Approximately 5% to 9% of colorectal cancers are characterized by a specific mutation in the BRAF gene (V600E). BRAF mutations are, for all practical purposes, limited to tumors that do not have KRAS exon 2 mutations. Activation of the protein product of the non-mutated BRAF gene occurs downstream of the activated KRAS protein in the EGFR pathway. The mutated BRAF protein product is believed to be constitutively active, thereby putatively bypassing inhibition of EGFR by cetuximab or panitumumab.

The panel recommends that KRAS, NRAS, and BRAF gene testing be performed only in laboratories that are certified under the Clinical Laboratory Improvement Amendments of 1988 (CLIA-88) as qualified to perform highly complex molecular pathology testing. No specific testing methodology is recommended.

Please review the complete therapeutic recommendations that are located here:( 3 )

Allele Nomenclature

Selected KRAS Somatic Variants

Common allele nameAlternative namesHGVS reference sequencedbSNP reference identifier for allele location
CodingProtein
G12Dp.Gly12Asp NM_004985.5:c.35G>A

NP_004976.2:p.Gly12Asp

rs121913529
G12Vp.Gly12Val

NM_004985.5:c.35G>T

NP_004976.2:p.Gly12Val

rs121913529
G13Dp.Gly13Asp

NM_033360.4:c.38G>A

NP_004976.2:p.Gly13Asp rs112445441

Selected NRAS Somatic Variants

Common allele nameAlternative namesHGVS reference sequencedbSNP reference identifier for allele location
CodingProtein
NRAS G12V p.Gly12Val NM_002524.5:c.35G>T NP_002515.1:p.Gly12Val rs121913237
NRAS G13R p.Gly13Arg NM_002524.5:c.37G>C NP_002515.1:p.Gly13Arg rs121434595
NRAS Q61R p.Gln61Arg NM_002524.5:c.182A>G NP_002515.1:p.Gln61Arg rs11554290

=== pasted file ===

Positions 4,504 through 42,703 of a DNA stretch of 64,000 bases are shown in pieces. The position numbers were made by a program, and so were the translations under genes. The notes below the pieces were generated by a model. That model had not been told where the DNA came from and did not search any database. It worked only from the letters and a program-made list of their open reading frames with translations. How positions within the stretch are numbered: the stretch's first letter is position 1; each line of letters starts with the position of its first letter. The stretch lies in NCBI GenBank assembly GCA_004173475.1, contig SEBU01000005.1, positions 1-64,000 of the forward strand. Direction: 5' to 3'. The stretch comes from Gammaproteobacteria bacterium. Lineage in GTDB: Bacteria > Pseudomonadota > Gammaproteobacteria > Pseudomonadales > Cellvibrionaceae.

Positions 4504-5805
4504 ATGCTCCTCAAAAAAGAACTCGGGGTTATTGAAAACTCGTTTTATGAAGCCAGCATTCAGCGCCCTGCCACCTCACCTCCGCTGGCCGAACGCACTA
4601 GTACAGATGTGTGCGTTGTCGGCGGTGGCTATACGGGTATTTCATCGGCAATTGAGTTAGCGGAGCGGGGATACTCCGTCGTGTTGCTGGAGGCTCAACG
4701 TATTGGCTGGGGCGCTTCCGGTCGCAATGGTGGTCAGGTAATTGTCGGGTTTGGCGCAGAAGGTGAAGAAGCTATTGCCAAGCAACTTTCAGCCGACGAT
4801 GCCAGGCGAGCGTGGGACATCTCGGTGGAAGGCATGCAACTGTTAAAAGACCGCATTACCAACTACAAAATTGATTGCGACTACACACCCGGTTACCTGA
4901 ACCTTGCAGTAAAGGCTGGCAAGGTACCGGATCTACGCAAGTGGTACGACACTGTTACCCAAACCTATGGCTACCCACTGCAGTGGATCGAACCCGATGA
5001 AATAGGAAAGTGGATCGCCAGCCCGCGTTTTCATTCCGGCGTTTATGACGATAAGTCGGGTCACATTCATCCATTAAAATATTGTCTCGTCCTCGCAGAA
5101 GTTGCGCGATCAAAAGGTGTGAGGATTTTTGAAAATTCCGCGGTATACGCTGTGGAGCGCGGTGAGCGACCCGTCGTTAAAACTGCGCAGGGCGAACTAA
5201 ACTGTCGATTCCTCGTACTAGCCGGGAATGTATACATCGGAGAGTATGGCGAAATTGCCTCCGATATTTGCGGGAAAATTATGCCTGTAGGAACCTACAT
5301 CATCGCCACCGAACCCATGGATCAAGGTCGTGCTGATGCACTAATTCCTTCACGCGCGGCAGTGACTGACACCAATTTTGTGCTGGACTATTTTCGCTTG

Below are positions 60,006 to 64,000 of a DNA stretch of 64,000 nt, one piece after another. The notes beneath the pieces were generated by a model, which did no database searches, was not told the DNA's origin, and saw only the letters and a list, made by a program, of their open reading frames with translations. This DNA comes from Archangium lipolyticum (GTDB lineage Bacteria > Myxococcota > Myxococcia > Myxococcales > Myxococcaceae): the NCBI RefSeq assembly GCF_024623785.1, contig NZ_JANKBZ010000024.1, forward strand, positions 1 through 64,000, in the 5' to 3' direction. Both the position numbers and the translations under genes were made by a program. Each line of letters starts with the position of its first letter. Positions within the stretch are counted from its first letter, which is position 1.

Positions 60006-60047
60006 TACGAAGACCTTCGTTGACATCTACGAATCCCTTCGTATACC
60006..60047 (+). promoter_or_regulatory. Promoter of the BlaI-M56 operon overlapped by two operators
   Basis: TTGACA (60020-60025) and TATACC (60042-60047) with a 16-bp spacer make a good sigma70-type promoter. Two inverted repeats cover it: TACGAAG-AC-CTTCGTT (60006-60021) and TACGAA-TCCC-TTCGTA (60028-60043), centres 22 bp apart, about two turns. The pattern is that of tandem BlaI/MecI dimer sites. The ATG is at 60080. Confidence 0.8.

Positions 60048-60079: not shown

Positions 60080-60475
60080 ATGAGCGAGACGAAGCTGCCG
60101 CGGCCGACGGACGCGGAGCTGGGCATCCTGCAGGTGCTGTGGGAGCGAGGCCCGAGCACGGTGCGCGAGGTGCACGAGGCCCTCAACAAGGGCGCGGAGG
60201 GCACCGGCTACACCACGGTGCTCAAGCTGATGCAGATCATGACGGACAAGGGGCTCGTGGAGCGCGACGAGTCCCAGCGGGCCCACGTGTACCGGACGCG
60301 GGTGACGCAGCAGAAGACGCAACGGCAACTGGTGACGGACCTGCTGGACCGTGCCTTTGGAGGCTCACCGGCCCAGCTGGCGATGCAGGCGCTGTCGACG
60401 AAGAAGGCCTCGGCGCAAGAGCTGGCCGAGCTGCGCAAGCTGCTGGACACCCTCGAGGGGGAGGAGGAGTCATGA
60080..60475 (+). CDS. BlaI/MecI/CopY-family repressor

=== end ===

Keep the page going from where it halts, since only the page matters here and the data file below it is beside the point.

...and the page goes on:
NRAS Q61K p.Gln61Lys NM_002524.5:c.181C>A NP_002515.1:p.Gln61Lys rs121913254

Selected BRAF Somatic Variants

Common allele nameAlternative namesHGVS reference sequencedbSNP reference identifier for allele location
CodingProtein
V600E p.Val600Glu NM_004333.6:c.1799T>C NP_004324.2:p.Val600Glu rs113488022

Guidelines for the description and nomenclature of gene variations are available from the Human Genome Variation Society (HGVS).

Acknowledgments

The authors would like to thank Timothy Price, MBBS, DHlthSc (Medicine), FRACP, Head of Clinical Cancer Research and Medical Oncologist, The Queen Elizabeth Hospital Campus, CALHN, Woodville South, Adelaide, Australia; Benjamin A. Weinberg, MD, Assistant Professor of Medicine, Division of Hematology and Oncology, Attending Physician, MedStar Georgetown University Hospital, Gastrointestinal Medical Oncologist, Lombardi Comprehensive Cancer Center, Georgetown University Medical Center, Washington, DC, USA; and Marc Peeters, MD, PhD, Head of Oncology, Coordinator of Multidisciplinary Oncology Center Antwerp, University Hospital Antwerp, Antwerp, Belgium for reviewing this summary.

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Footnotes

1

The FDA labels specific drug formulations. We have substituted the generic names for any drug labels in this excerpt. The FDA may not have labeled all formulations containing the generic drug.

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Bookshelf ID: NBK564800PMID: 33259157